schoolpsychnerd: (Eowyn)
schoolpsychnerd ([personal profile] schoolpsychnerd) wrote2017-04-30 09:49 am
Entry tags:

Calories, Dysmorphia, and Recovery

Eating Disorder recovery has a lot of moving parts to it for many people, I think. In keeping it personal, immediate, and local, I'm going to speak to my experience and recognize that I have may privileges that make my recovery journey smoother than they are for other members of the ED community. Prior to C2E2, I was incredibly stressed. There was a fair amount of personal issues going on, I'm still figuring out when to use my sun lamp and wasn't making time for that, and add in the anxiety of making costumes and the pressure of time and I just stopped taking care of myself. Depression and stress are soul sucking and even if I'm not active in my ED, basic self-care like making sure I have enough food and shower consistently become more of a struggle. I also saw this Glamour article (TW; contains talk of calories and exercise)

I go through phases of being aware that I'm not eating enough in terms of my caloric needs. In a move that is kind of a 180 from where I was as a kid (I ignored satiety signals and struggled with binge eating as a kid) I struggle with hunger signals. I used to go from 0 to hangry in .5 seconds because I wouldn't feel hungry until it was so overwhelming I would yell at [personal profile] dorchadas over text or in person. When I started recovery and started eating more regularly, I started to feel those hunger signals again but I had a hard time honoring them. I had a schedule, wait 4 hours between every meal and snack. If I felt hungry less than 4 hours after eating it felt like some kind of moral failure and I was more afraid of being the kid everyone made fun of for overeating than being the hangry drained asshole I can be. I am a huge proponent of intuitive eating and health at every size, yet struggle to apply that to me. I may say I am "eating intuitively" but I am judging and weighing every food choice. No, I can't have that cookie even though I want it. It will ruin me and I clearly just want something sweet and should have a banana. And if it's outside of my schedule it kind of consumes my thoughts. Most of our culture around meal prepping is centered around weight loss. I make a lunch that touts its low calorie count, me convincing myself that I am not a recovering anorexic but someone who needs to have every calorie reduced and policed. In my disorder, my calories were often in the triple digits because [personal profile] dorchadas made me eat dinner. In my recovery, on good days it was about 1,200. That is not adequate for my needs and yet if I get to that number, I will feel guilt for eating less than I should and guilt for eating more than I "should".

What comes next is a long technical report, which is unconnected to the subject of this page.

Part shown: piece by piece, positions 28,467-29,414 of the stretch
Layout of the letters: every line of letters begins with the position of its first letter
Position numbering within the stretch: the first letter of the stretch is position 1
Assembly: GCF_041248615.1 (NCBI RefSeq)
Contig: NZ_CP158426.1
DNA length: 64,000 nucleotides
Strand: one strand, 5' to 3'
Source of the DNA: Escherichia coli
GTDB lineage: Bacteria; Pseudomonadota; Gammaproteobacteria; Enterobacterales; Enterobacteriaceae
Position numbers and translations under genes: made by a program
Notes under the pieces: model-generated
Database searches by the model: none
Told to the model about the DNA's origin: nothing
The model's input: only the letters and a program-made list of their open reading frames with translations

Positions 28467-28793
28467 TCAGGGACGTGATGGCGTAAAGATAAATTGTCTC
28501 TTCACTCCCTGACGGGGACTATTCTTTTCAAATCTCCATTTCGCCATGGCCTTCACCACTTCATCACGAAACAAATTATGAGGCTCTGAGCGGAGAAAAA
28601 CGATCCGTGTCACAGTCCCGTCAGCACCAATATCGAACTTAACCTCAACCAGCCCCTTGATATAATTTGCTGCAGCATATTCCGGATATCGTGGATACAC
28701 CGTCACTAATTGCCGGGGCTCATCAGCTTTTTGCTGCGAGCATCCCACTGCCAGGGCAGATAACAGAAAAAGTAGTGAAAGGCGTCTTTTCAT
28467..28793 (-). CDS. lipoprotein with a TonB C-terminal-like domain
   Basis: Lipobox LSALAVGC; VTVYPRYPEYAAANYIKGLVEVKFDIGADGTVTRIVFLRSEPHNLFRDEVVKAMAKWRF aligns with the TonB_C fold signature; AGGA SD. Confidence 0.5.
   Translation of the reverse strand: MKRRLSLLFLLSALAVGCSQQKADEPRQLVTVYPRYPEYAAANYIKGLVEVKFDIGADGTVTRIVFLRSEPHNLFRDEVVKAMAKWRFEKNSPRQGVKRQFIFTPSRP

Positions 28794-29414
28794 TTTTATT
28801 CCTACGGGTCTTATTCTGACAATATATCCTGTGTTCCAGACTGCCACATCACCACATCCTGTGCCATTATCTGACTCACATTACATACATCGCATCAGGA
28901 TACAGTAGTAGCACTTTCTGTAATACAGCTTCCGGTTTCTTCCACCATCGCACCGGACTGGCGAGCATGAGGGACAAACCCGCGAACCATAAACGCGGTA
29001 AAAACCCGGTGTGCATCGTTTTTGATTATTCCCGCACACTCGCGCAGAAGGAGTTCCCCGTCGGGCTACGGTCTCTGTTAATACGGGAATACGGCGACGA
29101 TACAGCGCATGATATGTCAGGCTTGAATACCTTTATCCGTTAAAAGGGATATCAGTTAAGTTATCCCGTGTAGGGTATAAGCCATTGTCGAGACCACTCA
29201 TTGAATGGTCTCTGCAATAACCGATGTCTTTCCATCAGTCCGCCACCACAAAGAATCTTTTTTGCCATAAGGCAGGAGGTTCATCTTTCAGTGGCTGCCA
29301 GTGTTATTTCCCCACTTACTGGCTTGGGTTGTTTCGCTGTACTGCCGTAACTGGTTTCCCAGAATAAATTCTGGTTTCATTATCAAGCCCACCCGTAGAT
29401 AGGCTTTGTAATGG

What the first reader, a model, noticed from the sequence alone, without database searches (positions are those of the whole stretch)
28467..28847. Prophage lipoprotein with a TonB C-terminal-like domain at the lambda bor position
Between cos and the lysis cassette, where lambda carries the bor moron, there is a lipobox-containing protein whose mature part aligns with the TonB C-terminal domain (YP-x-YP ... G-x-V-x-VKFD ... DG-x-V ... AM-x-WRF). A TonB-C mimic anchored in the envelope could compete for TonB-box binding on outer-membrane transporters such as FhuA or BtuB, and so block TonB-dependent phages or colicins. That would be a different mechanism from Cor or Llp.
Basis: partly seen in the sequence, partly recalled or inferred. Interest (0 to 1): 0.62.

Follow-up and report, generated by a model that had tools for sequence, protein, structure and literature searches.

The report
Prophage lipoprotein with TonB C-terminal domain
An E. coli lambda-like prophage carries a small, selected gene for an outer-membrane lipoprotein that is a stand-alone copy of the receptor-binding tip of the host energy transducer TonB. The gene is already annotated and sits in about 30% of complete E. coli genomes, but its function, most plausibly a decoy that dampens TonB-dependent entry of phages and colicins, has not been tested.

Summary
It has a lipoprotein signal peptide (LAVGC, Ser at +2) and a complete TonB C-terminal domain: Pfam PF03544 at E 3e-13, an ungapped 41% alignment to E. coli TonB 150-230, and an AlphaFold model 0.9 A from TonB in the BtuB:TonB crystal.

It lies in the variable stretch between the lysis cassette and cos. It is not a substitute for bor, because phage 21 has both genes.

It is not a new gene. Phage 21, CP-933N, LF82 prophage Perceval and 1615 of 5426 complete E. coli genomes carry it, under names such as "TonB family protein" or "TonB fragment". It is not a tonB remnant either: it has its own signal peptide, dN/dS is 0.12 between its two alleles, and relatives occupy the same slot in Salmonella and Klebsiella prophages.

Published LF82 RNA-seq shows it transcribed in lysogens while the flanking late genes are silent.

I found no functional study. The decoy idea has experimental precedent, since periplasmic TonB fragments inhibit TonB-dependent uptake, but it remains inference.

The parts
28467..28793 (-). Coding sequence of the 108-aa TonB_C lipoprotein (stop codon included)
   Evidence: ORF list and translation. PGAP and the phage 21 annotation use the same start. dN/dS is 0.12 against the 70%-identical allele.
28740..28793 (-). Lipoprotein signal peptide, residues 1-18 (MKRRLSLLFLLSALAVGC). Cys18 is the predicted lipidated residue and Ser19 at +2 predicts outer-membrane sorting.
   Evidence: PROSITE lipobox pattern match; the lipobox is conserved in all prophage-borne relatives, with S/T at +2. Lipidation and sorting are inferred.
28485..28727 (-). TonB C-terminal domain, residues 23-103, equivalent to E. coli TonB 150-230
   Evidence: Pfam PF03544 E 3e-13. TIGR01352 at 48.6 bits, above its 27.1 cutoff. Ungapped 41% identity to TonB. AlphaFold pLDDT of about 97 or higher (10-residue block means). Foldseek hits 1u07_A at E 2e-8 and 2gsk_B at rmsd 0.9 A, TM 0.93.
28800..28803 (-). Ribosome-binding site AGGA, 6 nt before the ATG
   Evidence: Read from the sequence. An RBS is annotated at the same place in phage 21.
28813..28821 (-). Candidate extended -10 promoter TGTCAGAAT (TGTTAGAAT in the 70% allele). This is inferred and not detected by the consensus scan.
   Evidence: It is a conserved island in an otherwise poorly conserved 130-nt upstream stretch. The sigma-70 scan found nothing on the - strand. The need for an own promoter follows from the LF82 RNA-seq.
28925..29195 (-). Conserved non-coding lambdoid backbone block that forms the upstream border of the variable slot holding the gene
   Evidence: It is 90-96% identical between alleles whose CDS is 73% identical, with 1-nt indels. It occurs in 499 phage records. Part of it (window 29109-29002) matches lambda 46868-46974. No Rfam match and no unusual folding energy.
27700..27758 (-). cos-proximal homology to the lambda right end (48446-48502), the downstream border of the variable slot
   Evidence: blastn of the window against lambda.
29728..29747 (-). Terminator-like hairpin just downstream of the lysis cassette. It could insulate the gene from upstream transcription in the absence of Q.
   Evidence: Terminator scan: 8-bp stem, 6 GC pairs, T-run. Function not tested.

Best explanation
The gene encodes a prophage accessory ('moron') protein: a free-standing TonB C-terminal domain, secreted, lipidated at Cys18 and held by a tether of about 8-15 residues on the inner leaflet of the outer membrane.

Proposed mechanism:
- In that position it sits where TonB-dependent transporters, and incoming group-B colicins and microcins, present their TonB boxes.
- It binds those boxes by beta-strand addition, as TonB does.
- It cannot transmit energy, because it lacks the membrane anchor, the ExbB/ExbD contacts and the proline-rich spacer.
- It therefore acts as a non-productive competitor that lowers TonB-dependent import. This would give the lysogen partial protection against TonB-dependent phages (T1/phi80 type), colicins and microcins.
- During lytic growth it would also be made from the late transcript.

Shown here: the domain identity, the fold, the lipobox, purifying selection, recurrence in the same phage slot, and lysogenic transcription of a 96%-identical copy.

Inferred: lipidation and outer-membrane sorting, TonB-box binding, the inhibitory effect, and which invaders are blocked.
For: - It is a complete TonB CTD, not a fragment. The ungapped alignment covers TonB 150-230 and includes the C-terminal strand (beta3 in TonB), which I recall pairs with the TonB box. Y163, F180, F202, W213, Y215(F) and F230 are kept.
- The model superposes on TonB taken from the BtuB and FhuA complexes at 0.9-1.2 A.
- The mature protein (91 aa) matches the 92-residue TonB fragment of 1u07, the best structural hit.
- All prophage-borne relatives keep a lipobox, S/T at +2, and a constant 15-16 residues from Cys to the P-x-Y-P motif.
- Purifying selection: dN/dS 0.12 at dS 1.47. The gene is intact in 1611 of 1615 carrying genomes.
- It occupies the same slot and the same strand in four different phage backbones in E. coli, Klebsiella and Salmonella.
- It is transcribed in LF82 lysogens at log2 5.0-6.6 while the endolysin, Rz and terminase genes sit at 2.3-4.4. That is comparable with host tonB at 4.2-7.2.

So this week I used my app to track if I was getting enough and made an effort to get enough food to eat. It was both easier and harder than I thought. I bought more food and ate all the snacks. I feel a bit less run down during cardio and less pain after lifting. Overall it feels like I'm doing a good thing for myself. There have been a few challenges.